“We took that technology and integrated it with our core products, We effectively do the same type of things with mobile devices as well; we have a client running in iOS, one in Windows Mobile one for Android; we cover the gamut of mobile devices as well as traditional devices. The benefit is now, with the age of BYOD, IT administrators can now set permissions for devices they weren’t [previously] able to manage.
“It allows you to establish a secure connection from a device that would otherwise be [unsafe] and there’s obviously the advantage that it increases productivity.”
Another issue with the growing use of mobile devices is the volume of signalling traffic handled by the network operator. “With 4G the Diameter protocol has become the protocol of choice for newer data centres run by network operators,” says Triebes. “The signalling layer connects billing, subscriber management and other systems at the data centre and ties that to the individual user sessions. It’s the money protocol.” But increasing use of more advanced mobile devices means increasing traffic from such management systems.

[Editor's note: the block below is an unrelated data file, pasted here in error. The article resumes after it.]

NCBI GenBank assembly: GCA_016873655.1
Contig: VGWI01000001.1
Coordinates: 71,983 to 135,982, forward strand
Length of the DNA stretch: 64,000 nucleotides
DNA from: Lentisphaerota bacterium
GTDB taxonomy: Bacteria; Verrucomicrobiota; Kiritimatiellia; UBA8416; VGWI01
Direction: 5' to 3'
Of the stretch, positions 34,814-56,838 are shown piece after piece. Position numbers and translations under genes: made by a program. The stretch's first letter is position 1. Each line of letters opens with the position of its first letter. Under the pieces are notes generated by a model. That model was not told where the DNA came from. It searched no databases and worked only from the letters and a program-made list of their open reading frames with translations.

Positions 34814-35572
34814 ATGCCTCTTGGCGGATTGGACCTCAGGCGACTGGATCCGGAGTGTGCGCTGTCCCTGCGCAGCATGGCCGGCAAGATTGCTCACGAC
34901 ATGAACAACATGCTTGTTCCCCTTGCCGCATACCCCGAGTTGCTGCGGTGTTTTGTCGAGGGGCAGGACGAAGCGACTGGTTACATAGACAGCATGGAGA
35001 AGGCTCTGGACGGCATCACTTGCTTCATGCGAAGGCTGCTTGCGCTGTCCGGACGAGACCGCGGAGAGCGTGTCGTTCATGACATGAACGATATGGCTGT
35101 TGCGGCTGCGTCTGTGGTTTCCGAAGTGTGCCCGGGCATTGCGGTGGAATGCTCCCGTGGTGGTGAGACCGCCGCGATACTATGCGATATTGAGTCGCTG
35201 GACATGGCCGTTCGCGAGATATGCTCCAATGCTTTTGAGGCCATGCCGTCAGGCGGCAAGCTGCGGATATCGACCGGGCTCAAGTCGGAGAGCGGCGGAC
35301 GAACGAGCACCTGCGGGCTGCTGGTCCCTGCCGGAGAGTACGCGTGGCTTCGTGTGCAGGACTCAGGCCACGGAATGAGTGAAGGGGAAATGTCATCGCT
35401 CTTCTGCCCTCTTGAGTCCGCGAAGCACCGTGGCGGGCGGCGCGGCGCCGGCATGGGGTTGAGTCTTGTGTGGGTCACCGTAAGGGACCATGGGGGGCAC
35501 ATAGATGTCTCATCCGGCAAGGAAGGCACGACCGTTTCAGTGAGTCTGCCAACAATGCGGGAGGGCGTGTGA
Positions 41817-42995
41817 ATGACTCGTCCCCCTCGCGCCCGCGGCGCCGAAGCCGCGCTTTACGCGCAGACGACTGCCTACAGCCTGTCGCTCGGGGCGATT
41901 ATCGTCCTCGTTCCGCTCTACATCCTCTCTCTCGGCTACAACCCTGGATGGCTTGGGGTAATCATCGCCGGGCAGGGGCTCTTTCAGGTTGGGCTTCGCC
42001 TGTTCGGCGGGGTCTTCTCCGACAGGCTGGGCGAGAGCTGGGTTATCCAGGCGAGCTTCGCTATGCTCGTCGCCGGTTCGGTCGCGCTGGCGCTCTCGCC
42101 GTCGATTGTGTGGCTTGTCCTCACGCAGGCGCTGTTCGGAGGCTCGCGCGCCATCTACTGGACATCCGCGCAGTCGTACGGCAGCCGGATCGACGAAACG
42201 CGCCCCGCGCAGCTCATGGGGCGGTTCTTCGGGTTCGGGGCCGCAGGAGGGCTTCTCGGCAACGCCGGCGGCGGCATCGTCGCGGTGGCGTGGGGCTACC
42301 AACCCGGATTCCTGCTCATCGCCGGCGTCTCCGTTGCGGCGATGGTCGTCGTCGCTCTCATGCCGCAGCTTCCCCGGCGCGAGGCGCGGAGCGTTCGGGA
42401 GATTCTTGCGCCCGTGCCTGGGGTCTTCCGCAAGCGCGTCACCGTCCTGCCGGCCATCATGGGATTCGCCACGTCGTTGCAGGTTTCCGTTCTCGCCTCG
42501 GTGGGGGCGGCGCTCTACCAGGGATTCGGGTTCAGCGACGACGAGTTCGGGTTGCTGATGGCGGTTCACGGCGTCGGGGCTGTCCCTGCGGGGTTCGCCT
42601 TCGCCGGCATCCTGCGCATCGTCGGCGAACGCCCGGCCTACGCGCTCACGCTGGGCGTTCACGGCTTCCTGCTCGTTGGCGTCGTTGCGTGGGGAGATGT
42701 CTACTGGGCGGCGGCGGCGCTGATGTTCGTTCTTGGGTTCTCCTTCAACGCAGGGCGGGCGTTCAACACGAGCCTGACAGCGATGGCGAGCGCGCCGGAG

“We acquired a company, Traffic Systems, based in Israel, that provides what we think is the best-of-breed Diameter signalling solution. Using that, coupled with what we already do managing traffic at these operator data centres we believe we can provide a pretty compelling solution.”
Most F5 appliances use special-purpose hardware. This is preferable not just for scale but for reliability. If you’ve got machines front-ending a mission critical system “they’d better have five nines reliability,” says Triebes “[Commodity] servers are about two nines and a five.
“We offer a number of appliances, from a Gbit/s all the way up to 42 Gbit/s, plus two chassis-based solutions or Viprion, a lower-end and a higher-end solution.
“One thing we introduced recently on the chassis is virtualised clustered multiprocessing. What that allows you to do is run multiple versions of [F5’s flagship product] Big IP and segment your applications or your network infrastructure, so you don’t have to have a large box running everything; you could have a fully-loaded Viprion chassis running 16 virtual instances of our software.”
Triebes does not see the change of IP networks to IPv6 presenting major problems or demanding a significant change in approach; controversially, he advises continued use of network address translation (NAT) to give an organisation’s internal domain an address range of its own, translated to a limited range of outside addresses.
In view of the vastly larger range of addresses available under IPv6, many experts have pronounced NAT dead. But “it avoids a lot of problems,” Treibes says. “It’s inherently more secure because you can protect your inside space and it gives you a lot better flexibility in assigning IP addresses locally versus globally; I don’t see v6 changing that paradigm.
“By the time v6 got out there everyone was so used to NAT and the benefits that it provides that it’s not going to go away.”